The physical and emotional torment of Odysseus is evident from the opening lines of the poem: "Sing to me of the man, Muse, the man of twists and turns / driven time and again off course...many pains he suffered, heartsick on the open sea...his heart set on his wife and his return..." (1.1-3, 5, 16). Nevertheless, Homer implies that despite his trials Odysseus is more fortunate than the godlike Achilles, hero of the Iliad. When Odysseus descends to the Underworld he encounters the shade of Achilles, who tells him, "...I'd rather slave on earth for another man...than rule down here over all the breathless dead" (11.556-558). The message is that life, even one full of pain and sorrow, is preferable to death.
Penelope, the faithful wife of Odysseus, represents other equally important aspects of human behavior: loyalty, ingenuity, responsibility. She tells the disguised Odysseus, "Now my life is torment... look at the griefs some god has loosed against me!... I yearn for Odysseus, always, my heart pines away" (19.143-144, 151). This is crucial, for it is Penelope's fidelity to Odysseus and her shrewd deception of the suitors that allow the Odyssey to end successfully for its hero. When Homer finally reunites Odysseus and Penelope he emphasizes not only the pain of their twenty year separation, but also their unique bond:
The more she spoke, the more a deep desire for tears welled up inside his breast--he wept as he held the wife he loved, the soul of loyalty, in his arms at last. Joy, warm as the joy that shipwrecked sailors feel When they catch sight of land... struggling out of the frothing surf to reach the shore, their bodies crusted with salt but buoyed up with joy as they plant their feet on solid ground again, spared a deadly fate. So joyous now to her the sight of her husband, vivid in her gaze...(23.259-270).
The metaphor of a ship-wrecked sailor is particularly appropriate for Odysseus, who has suffered the wrath of Poseidon many times, but it is also used to describe the sorrow of Penelope. In this passage the two are brought together not only physically, but also emotionally through their trials. It emphasizes the similarity of their characters, which allowed their love to endure twenty years of separation.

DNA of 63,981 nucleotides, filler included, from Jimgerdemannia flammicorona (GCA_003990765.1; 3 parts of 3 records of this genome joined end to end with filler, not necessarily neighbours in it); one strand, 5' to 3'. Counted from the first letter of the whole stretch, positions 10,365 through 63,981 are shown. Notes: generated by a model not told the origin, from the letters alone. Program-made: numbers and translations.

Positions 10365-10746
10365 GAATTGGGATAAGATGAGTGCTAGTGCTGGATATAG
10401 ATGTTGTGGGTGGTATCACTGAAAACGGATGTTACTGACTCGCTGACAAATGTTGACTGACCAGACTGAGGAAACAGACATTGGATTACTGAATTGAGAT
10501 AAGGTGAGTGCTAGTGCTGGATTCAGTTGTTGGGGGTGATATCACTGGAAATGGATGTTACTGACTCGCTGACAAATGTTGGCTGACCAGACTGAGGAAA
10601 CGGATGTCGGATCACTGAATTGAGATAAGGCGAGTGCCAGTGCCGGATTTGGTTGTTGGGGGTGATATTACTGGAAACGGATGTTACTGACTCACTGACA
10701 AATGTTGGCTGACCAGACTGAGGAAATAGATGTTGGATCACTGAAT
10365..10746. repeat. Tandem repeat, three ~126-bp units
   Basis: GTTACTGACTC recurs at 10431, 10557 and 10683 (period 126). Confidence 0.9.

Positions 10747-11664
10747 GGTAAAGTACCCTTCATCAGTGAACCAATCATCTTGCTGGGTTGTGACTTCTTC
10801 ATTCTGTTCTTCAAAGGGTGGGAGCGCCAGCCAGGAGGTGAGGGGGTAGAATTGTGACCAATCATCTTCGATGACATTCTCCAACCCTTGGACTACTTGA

Yet Odysseus' love of Penelope and his love of knowledge are interwoven themes. Odysseus desperately wants to return to Ithaca, but it is obvious that he enjoys his adventures along the way. He is insatiably curious; a characteristic that often gets him into trouble but also establishes him as the intellectual hero that has been so appealing to modern Western society. In fact, the first line used by Homer to characterize Odysseus' journey refers to his inquisitiveness, "Many cities of men he saw and learned their minds" (1.4). The Odyssey and its hero represent a passion for discovery. As W.B. Stanford writes, "In fact the quest for Ulysses is essentially a quest for a deeper understanding of man's ever-voyaging indomitable spirit. It will never be concluded as long as there are writers and artists and scientists and thinkers who share in the aim of Tennyson's Ulysses: 'To strive, to seek, to find, and not to yield.'"